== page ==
As in the reference guide, the maximum recording time depends on the sample rate and whether you are recording stereo or multitrack.
    This is because the maximum length of recording is determined by the maximum file size of the file structure used.
    With multitrack, you are recording multiple mono files, so the maximum length is twice that of a stereo interleaved file.
    The same is true when comparing 48kHz to 96kHz – twice as many channels or twice as many samples mean you reach the maximum size quicker:

    Stereo 96kHz = approx 2hrs
    Mono 96kHz (multitrack) = approx 4hrs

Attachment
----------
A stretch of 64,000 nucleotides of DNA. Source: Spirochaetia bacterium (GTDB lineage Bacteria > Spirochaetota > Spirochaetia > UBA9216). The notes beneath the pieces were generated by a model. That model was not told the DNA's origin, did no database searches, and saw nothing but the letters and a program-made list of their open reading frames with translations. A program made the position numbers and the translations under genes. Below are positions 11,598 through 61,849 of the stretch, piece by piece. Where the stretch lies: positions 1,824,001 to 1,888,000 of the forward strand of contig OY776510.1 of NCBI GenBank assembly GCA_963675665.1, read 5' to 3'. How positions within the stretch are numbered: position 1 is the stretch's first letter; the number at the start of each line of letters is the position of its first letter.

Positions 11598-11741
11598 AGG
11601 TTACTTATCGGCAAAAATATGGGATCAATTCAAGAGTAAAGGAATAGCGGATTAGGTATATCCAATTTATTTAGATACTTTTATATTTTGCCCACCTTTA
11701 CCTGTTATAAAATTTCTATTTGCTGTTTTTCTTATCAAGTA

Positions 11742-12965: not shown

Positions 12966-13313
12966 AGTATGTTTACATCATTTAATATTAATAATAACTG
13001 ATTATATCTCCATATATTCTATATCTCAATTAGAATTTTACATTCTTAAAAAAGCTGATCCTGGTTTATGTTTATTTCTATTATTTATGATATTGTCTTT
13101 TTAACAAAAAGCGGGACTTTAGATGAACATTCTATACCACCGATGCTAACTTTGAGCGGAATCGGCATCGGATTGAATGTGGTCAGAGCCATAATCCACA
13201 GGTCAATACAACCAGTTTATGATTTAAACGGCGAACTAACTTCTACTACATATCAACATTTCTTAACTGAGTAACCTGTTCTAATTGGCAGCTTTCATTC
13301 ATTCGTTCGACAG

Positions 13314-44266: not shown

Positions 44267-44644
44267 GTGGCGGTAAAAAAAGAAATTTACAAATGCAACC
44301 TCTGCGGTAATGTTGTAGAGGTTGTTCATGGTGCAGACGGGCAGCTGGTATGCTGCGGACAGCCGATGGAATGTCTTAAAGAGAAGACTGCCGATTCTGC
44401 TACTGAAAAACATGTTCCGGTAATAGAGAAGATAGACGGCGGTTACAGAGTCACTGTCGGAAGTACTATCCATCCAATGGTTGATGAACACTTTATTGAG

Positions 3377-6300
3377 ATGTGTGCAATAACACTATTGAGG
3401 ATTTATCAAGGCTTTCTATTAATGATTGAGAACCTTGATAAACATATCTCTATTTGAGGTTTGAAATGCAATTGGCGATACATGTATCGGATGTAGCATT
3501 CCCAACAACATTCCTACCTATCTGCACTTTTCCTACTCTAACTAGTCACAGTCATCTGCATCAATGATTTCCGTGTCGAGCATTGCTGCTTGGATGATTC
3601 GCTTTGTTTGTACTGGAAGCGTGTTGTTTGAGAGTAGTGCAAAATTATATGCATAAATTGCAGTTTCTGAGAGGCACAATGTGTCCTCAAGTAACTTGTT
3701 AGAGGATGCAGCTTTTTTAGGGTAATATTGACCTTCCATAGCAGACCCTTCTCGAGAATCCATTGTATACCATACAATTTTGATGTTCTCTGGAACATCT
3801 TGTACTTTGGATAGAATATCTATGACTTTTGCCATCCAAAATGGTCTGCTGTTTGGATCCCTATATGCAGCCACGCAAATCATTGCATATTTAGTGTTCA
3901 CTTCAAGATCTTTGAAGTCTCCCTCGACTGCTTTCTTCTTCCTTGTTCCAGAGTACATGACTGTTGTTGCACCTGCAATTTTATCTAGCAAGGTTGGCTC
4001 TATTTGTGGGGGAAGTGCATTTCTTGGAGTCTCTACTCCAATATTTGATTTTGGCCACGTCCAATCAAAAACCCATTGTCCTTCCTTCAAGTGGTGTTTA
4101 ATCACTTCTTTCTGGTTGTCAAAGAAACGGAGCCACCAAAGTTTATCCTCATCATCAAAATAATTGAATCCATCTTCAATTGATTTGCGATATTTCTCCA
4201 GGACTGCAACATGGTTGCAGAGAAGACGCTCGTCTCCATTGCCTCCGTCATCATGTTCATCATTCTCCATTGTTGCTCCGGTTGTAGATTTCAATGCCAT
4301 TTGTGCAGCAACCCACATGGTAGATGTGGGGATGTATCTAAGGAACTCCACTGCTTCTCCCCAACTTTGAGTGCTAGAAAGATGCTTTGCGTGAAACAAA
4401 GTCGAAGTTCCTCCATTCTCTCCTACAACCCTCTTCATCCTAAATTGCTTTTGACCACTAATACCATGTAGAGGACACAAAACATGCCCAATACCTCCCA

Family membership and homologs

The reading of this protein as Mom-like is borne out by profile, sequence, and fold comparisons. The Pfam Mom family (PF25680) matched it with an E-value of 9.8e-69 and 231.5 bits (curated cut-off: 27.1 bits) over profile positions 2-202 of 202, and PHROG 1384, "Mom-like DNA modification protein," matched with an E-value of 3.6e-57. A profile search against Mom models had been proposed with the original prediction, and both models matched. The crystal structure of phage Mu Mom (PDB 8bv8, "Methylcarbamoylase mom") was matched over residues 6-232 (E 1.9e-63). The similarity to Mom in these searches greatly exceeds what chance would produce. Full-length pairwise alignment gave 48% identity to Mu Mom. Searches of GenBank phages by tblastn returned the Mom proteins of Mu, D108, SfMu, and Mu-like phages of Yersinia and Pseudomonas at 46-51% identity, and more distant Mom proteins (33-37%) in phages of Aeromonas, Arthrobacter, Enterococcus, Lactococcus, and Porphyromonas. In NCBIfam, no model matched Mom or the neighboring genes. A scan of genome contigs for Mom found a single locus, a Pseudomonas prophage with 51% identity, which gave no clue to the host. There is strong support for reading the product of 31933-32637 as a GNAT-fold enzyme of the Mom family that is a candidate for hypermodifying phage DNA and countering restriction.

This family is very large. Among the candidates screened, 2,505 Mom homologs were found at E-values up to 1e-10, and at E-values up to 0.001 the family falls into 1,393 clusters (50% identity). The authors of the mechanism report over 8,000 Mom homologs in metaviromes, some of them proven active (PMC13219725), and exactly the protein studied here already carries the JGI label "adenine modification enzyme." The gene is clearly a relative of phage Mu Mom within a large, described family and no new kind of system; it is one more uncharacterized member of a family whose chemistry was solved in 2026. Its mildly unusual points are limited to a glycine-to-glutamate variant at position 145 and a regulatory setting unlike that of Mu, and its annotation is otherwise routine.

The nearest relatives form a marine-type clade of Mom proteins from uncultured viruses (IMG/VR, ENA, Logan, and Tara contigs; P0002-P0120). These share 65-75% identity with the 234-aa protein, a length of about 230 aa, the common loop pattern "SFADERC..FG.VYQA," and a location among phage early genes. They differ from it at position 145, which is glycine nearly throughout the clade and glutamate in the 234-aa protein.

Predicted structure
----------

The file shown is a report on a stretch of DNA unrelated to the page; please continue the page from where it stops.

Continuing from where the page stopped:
Stereo 48kHz = approx 4hrs
    Mono 48kHz (multitrack) = approx 8hrs

    Cheers,
    Keith.

    #109166
    Profile photo of tourtelot
    tourtelot
    Participant

    Ah, Keith. That is an awesome explanation.

    And yes, I did figure out the whys and wherefore of maximum recording times, AFTER I CAREFULLY read the manual. I do tend to type before I read but you also distilled that to a very understandable form. I think that the thumb drive I have may well work. I saw only the faintest “blip” of green while recording 18-tracks at 96k. I will max it out to 32-tracks at 96k just to test the theory today.

    Thanks for the help.

    D.

    #109173
    Profile photo of Hugh
    Hugh
    Participant

    Another factor to consider is fact that the external power supply that comes along with most good quality external HDs avoids one of the primary problems with thumb drives. Keith is absolutely correct: externals work better & longer than thumb drives. The choice is between convenience or dependability.
    Hugh

    #109178